passengers allowed their bags entitlement to
limited seats instead of floor, lap or luggage rack.
Before smelly food crept in: greasy brown bags of
Burger King & before when most people used a
bin & before it was deemed somehow permissible
for complete strangers, unbeknownst to you to take
your picture & or record personal conversations &
post online to the nation., (for fun!) Before arrogant
men; too blind to see that equality does not mean
sitting comfortably, while immobile, aged or heavily
pregnant women are struggling to maintain balance
& dignity! Before some train conductors turned into
Talk Radio DJs; gabbing on about nothing through PAs
(with little helpful info on length & cause of delays).
Before any suggestions of separate carriages in order
to protect women from any unwanted attention…
Must mention, that let the train take the strain was
once upon a time, a fitting strap line − a seductive
mode of travel, where you could unravel, driven by
rhythm; from Brighton to London ‒ poems poured
out of me; punctuated by pleasantries; my senses
not assaulted by anything too unsavoury. Long ago,
people mostly engaged in quiet conversation or read
newspapers or books or looked out at the landscape;
the journey a piece of a cake – arrived at Victoria with
this sense of euphoria; a notebook full of drafts to
return to on return & maybe later in the bath…
this was long ago, before the standard ride became a
privatised, over-priced, oversubscribed, endurance test;
before it became: Murder on the Gatwick Express…

Susan Evans is widely published; online & in print; appearing in: Dissident Voice, The High Window, Ink, Sweat & Tears, The Journal, Lighten Up Online, Message in a Bottle, Obsessed With Pipework, and Snakeskin, among others. A Brighton-based Performance poet, Susan was nominated Best Spoken Word Performer in the Saboteur Awards, 2016.

 

Absent Greeks by Sue Kindon

Sisyphus has left the scene
his rock came crashing down our track
there’s the wound
gouged in soft ground

the boulder bounced
then rolled to rest
balanced above the lily pond

he can’t be arsed to push it back
he’s had enough of uphill shove
he’s given up the slaving task
and joined Narcissus down the pub.

Sue Kindon‘s poems have appeared in a variety of magazines, and have achieved some success in competitions. She lives and writes in the French Pyrenees, where she also co-runs Valier Illustrated Books.

 

Freud by Fianna

Plasticine vapours lift
from the brown playroom table
filling lungs and nostrils
with gluey desire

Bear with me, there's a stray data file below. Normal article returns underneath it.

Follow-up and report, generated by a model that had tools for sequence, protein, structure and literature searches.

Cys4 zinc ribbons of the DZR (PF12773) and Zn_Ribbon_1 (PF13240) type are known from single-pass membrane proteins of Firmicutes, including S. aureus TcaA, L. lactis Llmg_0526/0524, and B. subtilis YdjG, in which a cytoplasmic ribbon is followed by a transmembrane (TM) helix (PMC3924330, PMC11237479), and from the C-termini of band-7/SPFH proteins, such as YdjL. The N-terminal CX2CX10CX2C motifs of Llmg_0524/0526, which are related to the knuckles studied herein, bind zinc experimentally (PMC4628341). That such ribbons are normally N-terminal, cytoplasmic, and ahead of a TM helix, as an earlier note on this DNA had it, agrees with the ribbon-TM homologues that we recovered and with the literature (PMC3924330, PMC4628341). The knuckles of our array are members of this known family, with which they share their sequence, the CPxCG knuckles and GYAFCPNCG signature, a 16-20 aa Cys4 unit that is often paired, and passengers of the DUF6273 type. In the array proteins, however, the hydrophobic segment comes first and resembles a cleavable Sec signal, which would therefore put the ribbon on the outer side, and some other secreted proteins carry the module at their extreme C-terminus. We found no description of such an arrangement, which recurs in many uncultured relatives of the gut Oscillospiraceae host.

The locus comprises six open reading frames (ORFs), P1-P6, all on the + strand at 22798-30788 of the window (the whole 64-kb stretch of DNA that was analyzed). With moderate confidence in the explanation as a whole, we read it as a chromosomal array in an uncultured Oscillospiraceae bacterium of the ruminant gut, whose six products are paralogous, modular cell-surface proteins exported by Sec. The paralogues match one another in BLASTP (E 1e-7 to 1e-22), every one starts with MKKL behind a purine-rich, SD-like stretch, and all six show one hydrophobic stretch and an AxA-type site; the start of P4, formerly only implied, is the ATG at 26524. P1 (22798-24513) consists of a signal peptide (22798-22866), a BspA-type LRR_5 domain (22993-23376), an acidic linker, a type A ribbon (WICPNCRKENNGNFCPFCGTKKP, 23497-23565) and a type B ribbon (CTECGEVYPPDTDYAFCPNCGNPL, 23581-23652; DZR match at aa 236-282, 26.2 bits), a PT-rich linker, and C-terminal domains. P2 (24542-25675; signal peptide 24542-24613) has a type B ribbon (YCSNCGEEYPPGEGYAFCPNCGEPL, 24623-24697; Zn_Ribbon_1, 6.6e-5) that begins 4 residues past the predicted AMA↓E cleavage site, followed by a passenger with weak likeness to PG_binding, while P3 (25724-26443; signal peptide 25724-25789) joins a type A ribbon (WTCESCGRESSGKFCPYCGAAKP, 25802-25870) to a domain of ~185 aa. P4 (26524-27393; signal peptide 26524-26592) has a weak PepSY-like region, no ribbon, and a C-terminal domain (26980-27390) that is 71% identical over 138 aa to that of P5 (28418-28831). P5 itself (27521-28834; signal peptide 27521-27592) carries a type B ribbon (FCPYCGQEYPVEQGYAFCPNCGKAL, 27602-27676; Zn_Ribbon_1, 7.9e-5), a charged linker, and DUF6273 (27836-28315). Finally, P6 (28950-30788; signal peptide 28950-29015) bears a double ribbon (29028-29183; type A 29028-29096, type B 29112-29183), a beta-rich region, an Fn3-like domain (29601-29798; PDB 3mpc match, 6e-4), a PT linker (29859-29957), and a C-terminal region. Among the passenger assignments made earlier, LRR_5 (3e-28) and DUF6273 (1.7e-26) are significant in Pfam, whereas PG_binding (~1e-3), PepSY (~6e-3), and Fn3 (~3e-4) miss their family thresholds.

warm tyre
liquorish
all sorts of squeezy oozy
mud-through-toe skin-loves
rise through primeval body layers

now pulled and melded colours
drag eyelid to nose-edge
cheeks to dewlap
pistachio, fudge and vanilla ice-cream
deliquesce and gloop

I knock on Lucian’s door
I give him a great big hug
I give him a great big fright
I feel like a warm wet slug

Lucian turns to white.

Fianna (Fiona Russell Dodwell) is from Fife and lives in the Fens. She has had about 30 poems published in online poetry magazines.

 

What the Hell is a Peke? by Josa Young

Pekes are pugs
In wigs
But not pigs
A pig in a wig
Is Miss Piggy

Josa Young is a novelist and copywriter. Her two novels One Apple Tasted and Sail Upon the Land are out there somewhere being read. She was a decent poet up until puberty, and has taken to verse again as all the creative frenzy of childbearing has faded.

website
twitter

 

A Funny Thing Happened At The BBQ Party by Stella Wulf

Libidos washed up like sagging lilos
on a rasp dry beach,
we bobbed about in cozy cliques,
chattering of the doings of offspring,
plumbing, leaks.
Chewed the fat of the latest diet fad.

The men snapped tongs,
slapped meat on the BBQ,
talked of bleeding rads,
brake pads,
and we all admired the view
of the perfectly ridged new roof,

and the new roofer emerging,
unabridged from the shower,
all terra cotta brown and limber,
his lithesome man-boy chest,
aquiver,
as he did his best to hide his timber.

The tide rushed up that deserted beach,
in a surging tsunami of passion,
breaching the maternal shore,
shingling everything in its passage,
and I gushed in immature ejaculation,
‘Anyone for sausage?’

Stella Wulf lives in France and is currently studying towards an MA in Creative Writing. Her work has been widely published and has appeared in several anthologies including The Very Best of 52, three drops from a cauldron, and the Clear Poetry Anthology.